imageAmbition brought the Police together. It also tore them apart ? but not before they became the biggest band in the world and the first supergroup of the Eighties. In Walking on the Moon Chris Campion tells the full, uncensored story of their spectacular rise.
Written with a fan?s eye for detail this no-holds-barred account follows the band from their early struggle to make a mark in the volatile late 70?s punk scene, through their emergence ? masterminded with the help of legendary manager Miles Copeland III ? as an international rock phenomenon.
Walking on the Moon features for the first time the arduous touring and recording schedule that saw the band crack America, the unorthodox business strategies that catapulted them to the top, and the bouts of infighting that caused their early demise.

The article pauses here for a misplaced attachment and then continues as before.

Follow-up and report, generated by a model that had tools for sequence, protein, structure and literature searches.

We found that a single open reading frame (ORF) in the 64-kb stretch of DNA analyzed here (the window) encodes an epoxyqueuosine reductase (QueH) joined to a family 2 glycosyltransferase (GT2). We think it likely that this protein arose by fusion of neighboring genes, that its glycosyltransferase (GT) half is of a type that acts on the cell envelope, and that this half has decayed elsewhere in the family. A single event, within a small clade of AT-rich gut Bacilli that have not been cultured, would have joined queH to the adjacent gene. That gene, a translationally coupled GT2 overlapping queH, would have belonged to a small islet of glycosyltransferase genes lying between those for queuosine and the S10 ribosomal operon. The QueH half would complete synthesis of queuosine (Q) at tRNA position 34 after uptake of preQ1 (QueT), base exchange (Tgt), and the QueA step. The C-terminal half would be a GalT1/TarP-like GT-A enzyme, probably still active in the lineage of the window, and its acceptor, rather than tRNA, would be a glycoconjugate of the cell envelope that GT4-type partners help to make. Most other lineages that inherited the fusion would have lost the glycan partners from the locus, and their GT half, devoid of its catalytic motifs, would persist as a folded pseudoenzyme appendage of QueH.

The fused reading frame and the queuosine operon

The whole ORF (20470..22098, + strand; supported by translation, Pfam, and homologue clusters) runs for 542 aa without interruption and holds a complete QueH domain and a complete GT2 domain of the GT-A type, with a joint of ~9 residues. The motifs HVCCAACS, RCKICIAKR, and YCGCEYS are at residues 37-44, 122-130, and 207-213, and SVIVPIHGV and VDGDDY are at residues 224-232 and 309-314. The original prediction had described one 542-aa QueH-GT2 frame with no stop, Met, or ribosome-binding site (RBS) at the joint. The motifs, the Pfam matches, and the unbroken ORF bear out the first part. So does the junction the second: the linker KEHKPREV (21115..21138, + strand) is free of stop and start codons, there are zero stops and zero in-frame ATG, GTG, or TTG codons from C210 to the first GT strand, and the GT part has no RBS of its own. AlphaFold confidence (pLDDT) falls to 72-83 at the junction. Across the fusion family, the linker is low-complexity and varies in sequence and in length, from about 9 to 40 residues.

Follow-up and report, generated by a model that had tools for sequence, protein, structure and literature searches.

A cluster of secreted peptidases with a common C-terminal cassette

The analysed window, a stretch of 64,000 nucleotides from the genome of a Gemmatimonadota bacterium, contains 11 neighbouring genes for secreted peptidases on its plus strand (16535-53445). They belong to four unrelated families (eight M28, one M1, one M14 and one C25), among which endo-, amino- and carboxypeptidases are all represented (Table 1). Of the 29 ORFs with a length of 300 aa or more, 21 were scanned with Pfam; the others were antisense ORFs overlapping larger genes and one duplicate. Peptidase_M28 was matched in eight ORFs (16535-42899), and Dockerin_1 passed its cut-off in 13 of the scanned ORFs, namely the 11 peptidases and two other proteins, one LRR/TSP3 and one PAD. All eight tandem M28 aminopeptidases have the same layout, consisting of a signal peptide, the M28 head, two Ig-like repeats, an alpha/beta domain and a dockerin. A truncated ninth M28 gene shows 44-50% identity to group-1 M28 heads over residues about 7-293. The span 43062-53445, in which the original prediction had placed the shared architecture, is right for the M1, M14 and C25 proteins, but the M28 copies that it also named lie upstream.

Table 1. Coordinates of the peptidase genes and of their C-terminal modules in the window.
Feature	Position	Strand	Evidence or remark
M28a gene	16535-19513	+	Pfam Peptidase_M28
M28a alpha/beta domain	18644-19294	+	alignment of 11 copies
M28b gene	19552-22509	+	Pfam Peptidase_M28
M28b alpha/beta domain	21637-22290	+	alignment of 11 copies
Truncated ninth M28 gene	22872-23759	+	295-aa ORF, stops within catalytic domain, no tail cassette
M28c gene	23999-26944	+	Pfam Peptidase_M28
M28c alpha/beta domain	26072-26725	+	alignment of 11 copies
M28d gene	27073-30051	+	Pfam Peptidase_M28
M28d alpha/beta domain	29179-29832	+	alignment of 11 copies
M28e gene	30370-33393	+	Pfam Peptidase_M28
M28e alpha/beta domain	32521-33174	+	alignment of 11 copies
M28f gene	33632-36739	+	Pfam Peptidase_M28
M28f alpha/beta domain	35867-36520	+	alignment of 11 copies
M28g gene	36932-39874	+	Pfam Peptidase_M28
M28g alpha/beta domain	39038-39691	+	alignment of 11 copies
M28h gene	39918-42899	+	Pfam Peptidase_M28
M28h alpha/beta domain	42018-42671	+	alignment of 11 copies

Campion details the shock 2007 reunion that saw them re-emerge as a global touring spectacle after a 20-year hiatus from the music industry and explores how the band members? conflicting personalities and the chaotic personal life of frontman Sting informed some of their biggest hits.
Much more than simply an entertaining romp, the book offers insightful critical analysis of the broader factors that enabled the Police?s success, and reveals a band struggling to balance commercial ambition with a desire for artistic credibility.
Walking on the Moon is an epic tale of Eighties rock and the role played within it by one of the biggest names in music: The Police.

A former contributing editor to Dazed & Confused and Vice magazines, and a writer for the Observer, the Daily Telegraph and Bizarre, Chris Campion has reported on the world of popular culture for almost two decades.

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